The AIA empowers the Director to exercise anti-harassment discretion. 35 U.S.C. §§ 315(d), 325(d). Yet so far the Director and her subordinates have ignored reasonable requests by patent owners to exercise that discretion. The next Director should institute a “one and done” policy, and put reasonable limits on attacks against the same patent. One form this might take would be, for example, three attempts at institution, and if trial is instituted and the claims confirmed, an absolute bar on future petitions. These bars should be global, preventing serial attacks by anyone for such “protected” patents.
The Director’s statutory power and duty to protect patentees from harassment has a clear legislative history.
In the June 1, 2011 House Report to accompany H.R. 1249, the Committee explicitly invoked its understanding that “the USPTO is to address potential abuses . . . under its expanded procedural authority.” H.R. Rep. 112-98, at 48. The House Committee had profound concerns that the legislative changes to “current administrative processes” (i.e., conversion of inter partes reexamination to IPRs, PGRs and CBMs) should “not be used as tools for harassment” through “repeated litigation and administrative attacks on the validity of the patent.” Id. The House Committee presciently warned that “[d]oing so would frustrate the purpose of the [legislation] as providing quick and cost effective alternatives to litigation [and] would divert resources from the research and development of inventions.” Id.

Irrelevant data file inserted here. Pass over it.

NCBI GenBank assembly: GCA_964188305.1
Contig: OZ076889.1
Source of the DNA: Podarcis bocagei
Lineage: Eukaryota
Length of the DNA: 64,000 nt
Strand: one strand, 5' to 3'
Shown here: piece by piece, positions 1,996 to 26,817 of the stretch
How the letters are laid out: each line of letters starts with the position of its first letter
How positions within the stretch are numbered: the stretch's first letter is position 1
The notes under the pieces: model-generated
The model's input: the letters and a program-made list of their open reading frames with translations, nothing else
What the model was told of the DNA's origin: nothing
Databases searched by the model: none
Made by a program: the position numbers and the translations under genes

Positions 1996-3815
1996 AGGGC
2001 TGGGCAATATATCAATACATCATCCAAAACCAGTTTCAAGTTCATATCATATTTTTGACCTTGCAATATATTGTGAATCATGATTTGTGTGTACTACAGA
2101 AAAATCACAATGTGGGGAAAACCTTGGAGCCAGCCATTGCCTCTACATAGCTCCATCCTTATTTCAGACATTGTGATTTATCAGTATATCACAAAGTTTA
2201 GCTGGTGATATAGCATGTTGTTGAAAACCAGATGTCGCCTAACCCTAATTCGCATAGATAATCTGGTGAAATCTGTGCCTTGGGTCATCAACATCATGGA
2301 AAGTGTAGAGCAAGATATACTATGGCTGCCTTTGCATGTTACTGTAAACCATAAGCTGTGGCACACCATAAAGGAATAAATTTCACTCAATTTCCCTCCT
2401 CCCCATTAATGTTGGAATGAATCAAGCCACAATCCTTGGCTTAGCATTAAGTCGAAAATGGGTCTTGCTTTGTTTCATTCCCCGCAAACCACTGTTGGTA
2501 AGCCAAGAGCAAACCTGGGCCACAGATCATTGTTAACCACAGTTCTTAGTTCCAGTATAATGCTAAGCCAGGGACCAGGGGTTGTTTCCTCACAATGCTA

The key sponsor of the AIA in the Senate concurred. During the final Senate Debate on the AIA, Senator Pryor confronted the bill’s sponsor, Senator Leahy, with his own profound concerns about Section 18 (later known as CBM Review). 157 Cong. Rec. S5428 (Sept. 8, 2011). The colloquy merits an extended quotation (emphasis supplied):
Mr. PRYOR. I would like to ask my colleague from Vermont, the Chairman of the Judiciary Committee and lead sponsor of the America Invents Act before us today, to further clarify an issue relating to Section 18 of that legislation. Ideally, I would have liked to modify the Section 18 process in accordance with the Cantwell amendment. It is of crucial importance to me that we clarify the intent of the process and implement it as narrowly as possible.
As I understand it, Section 18 is intended to enable the PTO to weed out improperly issued patents for abstract methods of doing business.